We live in a milkshake golden age. Resistance is futile.
Gone are the days of bland continental buffets and dry chicken breasts at your hotel's diner. More and more, talented Valley chefs are decamping from standalone restaurants to helm the kitchens of Phoenix's impressive hotels and resorts. But that's old news to Charles Wiley, who's been churning out impossibly fresh, creative and expertly made food at Valley resort restaurants for years.
With more than 40 years of experience under his belt, Wiley’s list of accolades is impressive: Food & Wine magazine named him one of “The Ten Best New Chefs in America,” and the James Beard Foundation recognized him as “One of the Best Hotel Chefs of America.” He worked for a decade at The Boulders before opening Sanctuary Camelback Mountain Resort in 2001. He went down the road to run the Hotel Valley Ho’s dining program in 2005 and opened the revamped Mountain Shadow Resort’s signature restaurant Hearth ’61 as executive chef and director of food and beverage earlier this year.
PHOENIX recently caught up with Wiley to chat about opening a new restaurant, how the Valley’s culinary landscape has changed since he first arrived, and the current trend of why so many top local chefs are working at hotels.*
1. Deep Purple & Alice Cooper with The Edgar Winter Band at Ak-Chin Pavilion – August 15
Deep Purple continues their Long Goodbye Tour in support of their latest album, “Infinite.” Alice Cooper will join them as he plays all his hits like “School’s Out” and “No More Mr. Nice Guy.” $15+. 6:30-11 p.m. Ak-Chin Pavilion, 2121 N. 83rd Ave., Phoenix, concerts1.livenation.com.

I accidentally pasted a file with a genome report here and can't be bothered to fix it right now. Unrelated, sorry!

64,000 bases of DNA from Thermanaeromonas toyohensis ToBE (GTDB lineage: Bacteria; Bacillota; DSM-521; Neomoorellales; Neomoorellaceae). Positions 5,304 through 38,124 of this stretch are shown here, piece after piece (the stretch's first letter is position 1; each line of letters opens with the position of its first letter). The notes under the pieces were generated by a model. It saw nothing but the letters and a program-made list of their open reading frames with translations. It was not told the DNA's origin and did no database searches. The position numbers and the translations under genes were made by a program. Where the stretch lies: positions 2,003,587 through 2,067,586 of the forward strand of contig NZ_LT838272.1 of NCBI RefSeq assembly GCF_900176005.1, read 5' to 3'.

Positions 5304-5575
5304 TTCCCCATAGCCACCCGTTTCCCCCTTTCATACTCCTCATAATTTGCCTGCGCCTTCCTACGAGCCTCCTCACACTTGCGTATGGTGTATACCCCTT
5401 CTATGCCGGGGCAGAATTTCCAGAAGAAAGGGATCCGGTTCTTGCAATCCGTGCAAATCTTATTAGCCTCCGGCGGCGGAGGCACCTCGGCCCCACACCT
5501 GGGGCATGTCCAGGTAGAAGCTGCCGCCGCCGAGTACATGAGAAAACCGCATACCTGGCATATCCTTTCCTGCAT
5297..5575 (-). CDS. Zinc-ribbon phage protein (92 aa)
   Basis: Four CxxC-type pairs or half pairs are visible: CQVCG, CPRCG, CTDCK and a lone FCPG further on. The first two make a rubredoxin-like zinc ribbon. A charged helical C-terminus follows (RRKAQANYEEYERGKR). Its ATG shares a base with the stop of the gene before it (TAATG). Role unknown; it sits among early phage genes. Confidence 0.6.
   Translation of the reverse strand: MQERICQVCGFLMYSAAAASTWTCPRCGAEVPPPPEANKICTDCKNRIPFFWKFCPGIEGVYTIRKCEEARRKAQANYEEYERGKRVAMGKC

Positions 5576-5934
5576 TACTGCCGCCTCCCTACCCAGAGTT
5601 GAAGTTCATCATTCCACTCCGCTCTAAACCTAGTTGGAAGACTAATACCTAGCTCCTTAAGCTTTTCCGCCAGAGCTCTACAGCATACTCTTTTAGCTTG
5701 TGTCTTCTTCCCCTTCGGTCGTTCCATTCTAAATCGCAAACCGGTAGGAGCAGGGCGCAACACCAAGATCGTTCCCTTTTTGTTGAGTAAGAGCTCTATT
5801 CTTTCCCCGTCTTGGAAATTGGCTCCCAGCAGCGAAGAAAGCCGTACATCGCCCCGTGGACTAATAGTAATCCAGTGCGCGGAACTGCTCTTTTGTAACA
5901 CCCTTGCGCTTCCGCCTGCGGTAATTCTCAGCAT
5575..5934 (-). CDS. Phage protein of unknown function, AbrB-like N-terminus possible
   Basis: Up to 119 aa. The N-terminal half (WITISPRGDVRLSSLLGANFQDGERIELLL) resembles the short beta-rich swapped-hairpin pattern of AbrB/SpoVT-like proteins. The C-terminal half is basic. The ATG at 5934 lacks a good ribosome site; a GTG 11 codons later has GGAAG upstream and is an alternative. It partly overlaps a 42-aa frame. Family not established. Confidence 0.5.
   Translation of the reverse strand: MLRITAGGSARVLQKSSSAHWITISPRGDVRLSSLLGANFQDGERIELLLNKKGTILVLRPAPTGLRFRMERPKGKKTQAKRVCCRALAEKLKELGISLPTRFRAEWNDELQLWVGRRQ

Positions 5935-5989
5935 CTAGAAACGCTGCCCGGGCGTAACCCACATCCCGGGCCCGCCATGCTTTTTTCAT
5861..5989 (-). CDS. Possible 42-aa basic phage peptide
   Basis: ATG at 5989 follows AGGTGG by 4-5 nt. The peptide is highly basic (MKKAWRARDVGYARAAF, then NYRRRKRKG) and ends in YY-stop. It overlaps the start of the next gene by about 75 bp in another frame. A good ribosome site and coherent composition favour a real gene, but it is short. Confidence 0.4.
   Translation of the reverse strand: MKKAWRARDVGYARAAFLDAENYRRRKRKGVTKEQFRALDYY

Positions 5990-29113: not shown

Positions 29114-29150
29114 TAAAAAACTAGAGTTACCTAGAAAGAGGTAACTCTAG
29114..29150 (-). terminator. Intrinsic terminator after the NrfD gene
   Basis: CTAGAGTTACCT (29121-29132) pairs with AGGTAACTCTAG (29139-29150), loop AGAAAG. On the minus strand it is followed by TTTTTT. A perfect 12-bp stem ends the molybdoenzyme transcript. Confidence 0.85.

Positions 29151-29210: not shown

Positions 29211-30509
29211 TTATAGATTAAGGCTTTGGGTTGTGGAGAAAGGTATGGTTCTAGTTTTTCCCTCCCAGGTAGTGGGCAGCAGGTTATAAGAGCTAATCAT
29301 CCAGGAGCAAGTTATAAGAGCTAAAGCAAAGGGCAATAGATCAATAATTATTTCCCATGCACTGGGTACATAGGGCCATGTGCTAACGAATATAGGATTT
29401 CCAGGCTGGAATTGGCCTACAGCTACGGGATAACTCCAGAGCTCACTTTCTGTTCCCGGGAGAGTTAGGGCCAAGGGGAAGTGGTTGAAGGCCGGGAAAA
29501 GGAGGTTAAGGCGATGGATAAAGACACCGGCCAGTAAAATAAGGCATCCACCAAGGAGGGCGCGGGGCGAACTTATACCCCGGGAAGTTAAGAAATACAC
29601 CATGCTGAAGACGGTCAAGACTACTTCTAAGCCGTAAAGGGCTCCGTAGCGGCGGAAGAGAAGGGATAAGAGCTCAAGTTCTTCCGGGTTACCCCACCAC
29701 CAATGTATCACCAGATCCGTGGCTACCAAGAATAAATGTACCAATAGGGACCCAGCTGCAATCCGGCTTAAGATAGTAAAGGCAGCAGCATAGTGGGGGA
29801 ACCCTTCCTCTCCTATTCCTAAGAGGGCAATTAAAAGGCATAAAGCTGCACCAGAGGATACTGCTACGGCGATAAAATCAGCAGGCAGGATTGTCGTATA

"We ate at 35 places in three days," Valley super chef Bernie Kantak (The Gladly, Citizen Public House) says of his recent Seattle excursion with Little Miss BBQ pit-master Scott Holmes. He says it with a faint, rueful chuckle. Translation: Yes, we made pigs of ourselves... but we learned so much.
Fast friends after cooking together at the James Beard House in New York City last year, the duo promised to do a culinary R&D trip in 2017. Ultimately, the settled on Seattle. And planned it on the fly.
"Any time that I'm traveling, I always try to glean as much perspective as I can from other chefs and what they're doing," says Christopher Brugman, chef de cuisine at Hearth '61 at the new Mountain Shadows resort in Paradise Valley.
Visiting his sister in Atlanta last fall, the chef mixed business with pleasure. "[Atlanta has] a really eclectic food scene. There are three [restaurants] that really set it off for me as far as excitement, and thoughtfulness, and playfulness, and uniqueness of represntation of how they dine and how their hospitality is different."